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Wednesday News: Börsenverein v. Amazon, the future of digital lending, YouTube’s subscription service, and polling readers for a book title

Wednesday News: Börsenverein v. Amazon, the future of digital lending, YouTube’s...

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German trade body files Amazon complaint – Börsenverein, a German trade association, has filed a claim with German competition authorities, alleging that Amazon has been trying to negotiate an increase in ebook percentages from 30% to 40-50% with Bonnier, and thus “abusing its market power.” Reports claim that Amazon is, in both the US and the German markets, removing pre-order buttons and delaying shipping of certain books.

In the UK, publishers have told The Bookseller that they too are facing tough negotiations with the giant retailer, with Amazon seeking parity on trade terms for e-books and p-books, and the ability to POD title where a publisher has run out of stock, or is having delivery issues. The Bookseller also noted that the European Union’s Directorate General for Competition is understood to have approached major UK publishers over an investigation into Most Favoured Nation (MFN) clauses. –The Bookseller

What’s Next for E-books in Libraries? – Random House recently hosted a Publishers Weekly executive breakfast, which included a discussion among librarians and publishers, among others, regarding the future of digital books and libraries. This discussion reflects a shift in the overall conversation about libraries and digital books, which had previously been focused on getting as many publisher as possible to agree to have their books digitally available in public libraries. Now, though, there is apparently more attention being paid to optimizing consumer satisfaction and innovating strategies to keep digital lending not just viable but future-oriented.

In one of the more provocative proposals, Mitchell Davis, founder and chief business officer of BiblioBoard, a digital platform provider, told the audience that libraries should consider moving away from their focus on e-book bestsellers. Instead of spending money on a limited number of frontlist e-book titles, generating long waits in hold queues and patron dissatisfaction, why not concentrate limited resources on building a better user experience, based on the library’s “long tail” collections? –Publishers Weekly

YouTube, Record Labels And The Retailer Hegemony – As YouTube prepares to launch a subscription service, music labels are considering the value that the video service brings to their business. Some independent labels have refused Google’s terms, and now there’s a question of how much power YouTube really has, and the extent to which music labels are beholden to the service: “YouTube has become phenomenally powerful but delivers comparatively little back in terms of direct revenue and is now happy to flex its muscle to find out who is really boss.” The relationship seems a bit analogous to that between publishers and Amazon, and considering the hard lessons the music industry has learned vis a vis content delivery, perhaps it’s again time to pay attention to what’s happening there (p.s. I’m not sure about the reference to Brazilians below, because this blog appears to be UK-based and not Brazil-based).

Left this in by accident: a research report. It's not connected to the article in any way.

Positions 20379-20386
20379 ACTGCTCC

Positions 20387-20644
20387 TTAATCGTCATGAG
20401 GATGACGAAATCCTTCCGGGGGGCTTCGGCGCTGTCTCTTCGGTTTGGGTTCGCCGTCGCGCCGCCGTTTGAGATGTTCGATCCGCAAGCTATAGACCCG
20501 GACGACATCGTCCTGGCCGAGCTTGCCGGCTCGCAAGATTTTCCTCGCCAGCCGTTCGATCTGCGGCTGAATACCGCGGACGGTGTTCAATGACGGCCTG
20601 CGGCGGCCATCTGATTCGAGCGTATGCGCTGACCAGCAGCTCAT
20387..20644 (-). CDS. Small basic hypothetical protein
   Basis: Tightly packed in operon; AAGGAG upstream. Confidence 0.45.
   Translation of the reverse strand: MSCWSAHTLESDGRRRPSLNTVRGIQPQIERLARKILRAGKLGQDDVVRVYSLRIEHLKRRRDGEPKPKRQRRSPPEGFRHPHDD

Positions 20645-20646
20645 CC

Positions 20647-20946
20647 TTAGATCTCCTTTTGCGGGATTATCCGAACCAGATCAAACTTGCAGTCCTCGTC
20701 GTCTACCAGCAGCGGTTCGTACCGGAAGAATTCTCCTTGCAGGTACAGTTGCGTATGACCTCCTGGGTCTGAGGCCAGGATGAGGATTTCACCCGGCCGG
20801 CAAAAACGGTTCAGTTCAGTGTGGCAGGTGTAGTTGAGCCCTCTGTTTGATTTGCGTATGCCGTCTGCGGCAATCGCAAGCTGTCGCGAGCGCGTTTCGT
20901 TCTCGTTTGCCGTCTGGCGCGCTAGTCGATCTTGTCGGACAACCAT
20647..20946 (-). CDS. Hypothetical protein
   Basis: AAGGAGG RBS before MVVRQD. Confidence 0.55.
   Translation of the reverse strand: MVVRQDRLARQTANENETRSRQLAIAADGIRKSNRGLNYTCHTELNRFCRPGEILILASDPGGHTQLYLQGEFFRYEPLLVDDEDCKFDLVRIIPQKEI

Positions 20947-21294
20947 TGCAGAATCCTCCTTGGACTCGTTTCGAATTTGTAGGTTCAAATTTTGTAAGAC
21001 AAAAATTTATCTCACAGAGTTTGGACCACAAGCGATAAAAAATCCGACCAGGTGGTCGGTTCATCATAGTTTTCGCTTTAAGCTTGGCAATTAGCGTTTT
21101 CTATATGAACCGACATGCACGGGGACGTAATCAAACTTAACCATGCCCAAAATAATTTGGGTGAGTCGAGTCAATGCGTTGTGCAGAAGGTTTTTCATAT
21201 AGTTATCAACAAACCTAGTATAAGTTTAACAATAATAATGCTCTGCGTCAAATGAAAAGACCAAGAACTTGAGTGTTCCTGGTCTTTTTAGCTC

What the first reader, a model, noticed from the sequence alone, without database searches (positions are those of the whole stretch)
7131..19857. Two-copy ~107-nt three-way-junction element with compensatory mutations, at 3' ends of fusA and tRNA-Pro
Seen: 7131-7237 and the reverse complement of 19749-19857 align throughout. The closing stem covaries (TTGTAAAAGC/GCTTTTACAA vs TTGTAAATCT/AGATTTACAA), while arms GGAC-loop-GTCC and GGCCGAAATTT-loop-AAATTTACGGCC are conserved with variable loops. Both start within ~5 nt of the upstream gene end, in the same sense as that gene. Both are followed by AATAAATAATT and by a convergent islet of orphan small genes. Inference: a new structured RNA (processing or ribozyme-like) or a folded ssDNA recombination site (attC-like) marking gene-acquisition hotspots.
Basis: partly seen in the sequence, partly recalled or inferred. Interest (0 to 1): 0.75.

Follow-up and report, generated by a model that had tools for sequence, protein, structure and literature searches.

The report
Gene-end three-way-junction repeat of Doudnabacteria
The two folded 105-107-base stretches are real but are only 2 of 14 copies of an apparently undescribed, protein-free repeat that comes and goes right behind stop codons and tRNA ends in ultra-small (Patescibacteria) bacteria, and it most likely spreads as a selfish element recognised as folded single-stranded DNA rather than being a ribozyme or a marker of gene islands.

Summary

Labels are beholden to YouTube as a promotional channel.  They have turned a blind eye to whether its ‘unique’ licensing status might be stealing the oxygen out of the streaming market for all those services which have to pay far more for their licenses.  The underlying question the labels must ask themselves is whether YouTube’s inarguably valuable promotional value outweighs the value it simultaneously extracts from music sales revenue.  Indeed 25% of consumers state that they have no need to pay for a music subscription service because they get all the music they need for free from YouTube (see figure).  This rises to 33% among 18 to 24 year olds and to 34% among all Brazilians. –Music Industry Blog

HOW I USED FACEBOOK TO PICK MY NEXT BOOK TITLE – An interesting post from Maya Rodale about how she used Facebook polls to forge an appropriate title for her upcoming book. One of the most interesting things about this post for me is the insular context in which titles are chosen (something I knew, but it’s interesting to see it spelled out here so clearly). Of course, since book ideas aren’t really tested out with readers, why would titles be, right?!

Next I learned that data isn’t everything in publishing

I emailed my agent and editor with the exciting news that I had a kick ass title backed up by data. I was then informed I could not use that title precisely because it was so similar to The Flame and The Flower, which they had also published.

This isn’t the first time I’ve had a title changed—my first book was supposed to be called The Pleasure Revolution but a buyer at one of the major accounts said they would not stock the book with that title because they didn’t feel readers would like it. We went with a different title rather than lose some major print distribution. It never occurred to anyone—my co-author, our editor, our publisher, the buyer—to test the title with readers. –Maya Rodale